Safer Made: Why This Philanthropist Is Laser-Focused on Environmental Health

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At Inside Philanthropy, we write a lot about health and a lot about the environment, but what about the intersection of the two? Environmental health crises like the water crisis in Flint, Michigan, remind us that philanthropic dollars can play a big role in stepping up in the face of disaster, and also in backing scientific research on the effects of chemicals used in daily life. A Health Affairs article published early in the decade tallied more than 100 foundations working in this space, and annual investments of at least $70 million.

Passport Foundation is one such player. Bay Area financier John Burbank founded Passport Capital in San Francisco. He is the president of Passport Foundation, a philanthropy associated with the global investment firm. Passport Foundation once ran the Science Innovation Fund, which aimed to “expand knowledge of the impacts of environmental contaminants on human health.”

Related: John H. Burbank III

Passport's Science Innovation Fund bankrolled studies like “Estrogen and Androgen Receptor Activities of Hydraulic Fracturing Chemicals and Surface and Ground Water in a Drilling-Dense Region,” which examined whether chemicals used in fracking can disrupt human sex hormones.

Another player in this space is the Forsythia Foundation, founded by Alison Carlson, a Passport Foundation co-founder. Once married, Carlson and Burbank dig into similar issues through their respective foundations. I recently spoke with Carlson to get a better sense of Forsythia and the interesting philanthropic niche of environmental health.

Founded in 2010, Forsythia Foundation funds "leading actors who drive demand for safer materials" and deploys "investment capital in strategies that scale green chemistry innovation and commercialization." Carlson calls all of this “the definition of a value investment proposition.” While philanthropy is often risk averse, she believes that philanthropic bets should actually be the riskiest. Back in 2007, Carlson began her deep dive into funding what she calls "under-tended spaces." 

How did Carlson wade into environmental health in the first place? Well, she was born into an environmental family (her mother was involved in environmental issues at the United Nations) and graduated with a human biology degree from Stanford. Carlson ended up at the FDA as a visiting biology intern in the late 1970s and later moved back to Westchester County, New York, where she taught tennis. Carlson explains that the club property was adjacent to land where copper PCBs were illegally buried. Among other things, polychlorinated biphenyls or PCBs have been linked to reproductive health problems. 

Later, when Carlson was starting a family and experienced unexplained infertility, her personal journey began. Frustrated that medical professionals didn't take environmental factors into account, Carlson stepped into her new role as patient/activist, and later, philanthropist. In the early 2000s, she was appointed senior fellow for Commonweal Institute’s Collaborative on Health and the Environment, where she founded and led the Fertility/Pregnancy Compromise Work Group.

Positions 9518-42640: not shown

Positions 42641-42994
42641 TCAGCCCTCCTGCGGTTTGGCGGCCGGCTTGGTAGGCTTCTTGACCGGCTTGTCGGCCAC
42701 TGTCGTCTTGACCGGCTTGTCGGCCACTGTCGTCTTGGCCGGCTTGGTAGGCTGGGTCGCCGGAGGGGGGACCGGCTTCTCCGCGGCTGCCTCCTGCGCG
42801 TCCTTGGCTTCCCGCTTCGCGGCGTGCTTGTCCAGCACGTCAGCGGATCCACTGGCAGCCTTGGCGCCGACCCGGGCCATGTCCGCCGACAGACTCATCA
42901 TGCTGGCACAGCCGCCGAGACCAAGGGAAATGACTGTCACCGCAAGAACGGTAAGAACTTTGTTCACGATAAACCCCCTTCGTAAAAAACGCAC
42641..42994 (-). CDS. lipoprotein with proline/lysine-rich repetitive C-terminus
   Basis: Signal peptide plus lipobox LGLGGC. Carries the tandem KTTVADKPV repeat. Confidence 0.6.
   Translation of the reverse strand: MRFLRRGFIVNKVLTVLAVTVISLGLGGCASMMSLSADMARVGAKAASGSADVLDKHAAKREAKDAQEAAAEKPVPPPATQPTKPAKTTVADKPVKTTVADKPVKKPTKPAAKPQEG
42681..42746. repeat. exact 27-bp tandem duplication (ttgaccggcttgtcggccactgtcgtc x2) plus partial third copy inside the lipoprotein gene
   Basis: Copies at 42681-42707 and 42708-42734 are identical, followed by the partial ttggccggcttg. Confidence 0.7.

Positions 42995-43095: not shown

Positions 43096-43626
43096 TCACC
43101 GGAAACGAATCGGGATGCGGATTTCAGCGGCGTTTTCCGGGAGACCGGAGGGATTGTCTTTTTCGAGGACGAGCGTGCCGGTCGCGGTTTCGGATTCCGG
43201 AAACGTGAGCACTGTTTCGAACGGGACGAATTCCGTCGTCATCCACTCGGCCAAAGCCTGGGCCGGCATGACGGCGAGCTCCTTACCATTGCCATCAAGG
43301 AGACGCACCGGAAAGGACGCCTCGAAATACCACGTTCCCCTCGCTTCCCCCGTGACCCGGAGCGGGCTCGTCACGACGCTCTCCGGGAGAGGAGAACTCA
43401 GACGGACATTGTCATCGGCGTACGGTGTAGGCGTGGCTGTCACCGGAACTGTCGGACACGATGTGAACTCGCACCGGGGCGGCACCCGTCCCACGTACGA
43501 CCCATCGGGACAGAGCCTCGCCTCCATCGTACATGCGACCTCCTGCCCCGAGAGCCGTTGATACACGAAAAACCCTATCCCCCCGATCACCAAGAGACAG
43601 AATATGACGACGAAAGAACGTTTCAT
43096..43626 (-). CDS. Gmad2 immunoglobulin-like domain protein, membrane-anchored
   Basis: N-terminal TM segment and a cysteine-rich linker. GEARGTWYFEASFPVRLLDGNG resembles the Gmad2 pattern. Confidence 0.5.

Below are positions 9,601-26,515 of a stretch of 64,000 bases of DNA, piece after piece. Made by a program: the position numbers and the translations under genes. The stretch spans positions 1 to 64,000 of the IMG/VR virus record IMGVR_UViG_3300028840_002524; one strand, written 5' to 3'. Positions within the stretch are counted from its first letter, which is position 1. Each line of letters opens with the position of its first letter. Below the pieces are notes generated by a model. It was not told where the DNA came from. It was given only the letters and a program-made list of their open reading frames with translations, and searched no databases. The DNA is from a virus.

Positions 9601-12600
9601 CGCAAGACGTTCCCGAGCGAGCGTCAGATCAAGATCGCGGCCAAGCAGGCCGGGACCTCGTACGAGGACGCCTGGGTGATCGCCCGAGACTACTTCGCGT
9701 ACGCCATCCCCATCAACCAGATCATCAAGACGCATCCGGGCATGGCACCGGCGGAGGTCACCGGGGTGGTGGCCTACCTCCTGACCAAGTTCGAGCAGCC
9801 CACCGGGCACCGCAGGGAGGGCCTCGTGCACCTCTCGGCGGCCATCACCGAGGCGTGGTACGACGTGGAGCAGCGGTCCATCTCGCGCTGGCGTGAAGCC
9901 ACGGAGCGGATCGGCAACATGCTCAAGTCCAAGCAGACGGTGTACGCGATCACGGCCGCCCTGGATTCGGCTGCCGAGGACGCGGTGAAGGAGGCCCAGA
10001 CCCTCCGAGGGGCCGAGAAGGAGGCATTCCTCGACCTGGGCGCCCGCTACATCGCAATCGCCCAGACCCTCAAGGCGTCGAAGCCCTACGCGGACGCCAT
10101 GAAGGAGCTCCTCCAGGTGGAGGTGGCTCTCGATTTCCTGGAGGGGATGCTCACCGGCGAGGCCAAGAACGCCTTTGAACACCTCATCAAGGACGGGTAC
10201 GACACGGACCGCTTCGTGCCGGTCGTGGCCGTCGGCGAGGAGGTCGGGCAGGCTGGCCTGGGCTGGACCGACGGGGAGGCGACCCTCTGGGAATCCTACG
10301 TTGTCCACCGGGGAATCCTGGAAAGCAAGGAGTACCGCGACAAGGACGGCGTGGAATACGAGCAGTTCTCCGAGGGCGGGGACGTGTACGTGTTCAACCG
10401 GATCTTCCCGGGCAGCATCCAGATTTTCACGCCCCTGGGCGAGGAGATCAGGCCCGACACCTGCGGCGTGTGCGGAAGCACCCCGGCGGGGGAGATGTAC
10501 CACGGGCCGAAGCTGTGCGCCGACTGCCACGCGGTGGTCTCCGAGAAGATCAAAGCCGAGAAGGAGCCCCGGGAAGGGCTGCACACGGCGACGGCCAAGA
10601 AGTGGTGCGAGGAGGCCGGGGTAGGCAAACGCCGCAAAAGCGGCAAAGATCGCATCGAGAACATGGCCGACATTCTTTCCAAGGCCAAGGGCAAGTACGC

A few years later, Carlson spearheaded and co-directed the 2007 Summit on Environmental Challenges to Reproductive Health and Fertility in concert with the OB/GYN department chair at UCSF. That same year, she also co-founded the Passport Foundation. Forsythia Foundation now works with Passport and other donors as part of a collective known as Health and Environmental Funders Network (HEFN). 

Carlson and Forsythia's premise is that it's far easier to prevent disease than to treat it. Carlson began to notice, however, that while there are plenty of well-intentioned efforts, the fundamental system is unchanged. Instead, what takes place is "regrettable substitution," in which one bad actor gets replaced with another.

Carlson emphasizes that equal vigor must be put into green chemistry as a critical solution beyond problem definition and policy reform. Real innovation must take place. She calls this "going upstream." Forsythia, then, is laser-focused on creating a strong pipeline of viable and safe alternatives. 

Forsythia Foundation focuses narrowly with a small staff and disperses under $1 million in investments annually. One of Forsythia's investments is Safer Made, a new venture fund aiming to surmount the regrettable substitution problem Carlson highlights. The fund invests in "companies and technologies that create safer products for people and the natural world." 

Safer Made general partners Adrian Horotan and Marty Mulvihill explained to me that their fund's thesis is that the public actually prefers safer products. They also believe that companies are growing hip to this. Target, for instance, recently announced that it was making an investment in Safer Made as a way to support safer chemistry innovation.

Among Safer Made's partners is Mimikai, an insect repellent company that provides DEET-free repellent. DEET has been shown to impact the central nervous system. Adrian and Marty note that these alternatives have not only made an impact on consumers, but also workers who develop these products in the first place. Safer Made is still in the fundraising stage, but the duo tells me they're looking for investments countrywide, and believe their work will make a global impact. 

Overall, Safer Made hopes to work with leading brands to target each sector as it begins to make investments. Adrian and Marty add, "it’s all chemistry, and we need people working on the ways we can make sure environment is great." Carlson, meanwhile, reminds me that environmental health is also a matter of human rights and justice, as people of color are disproportionately affected by these issues. 

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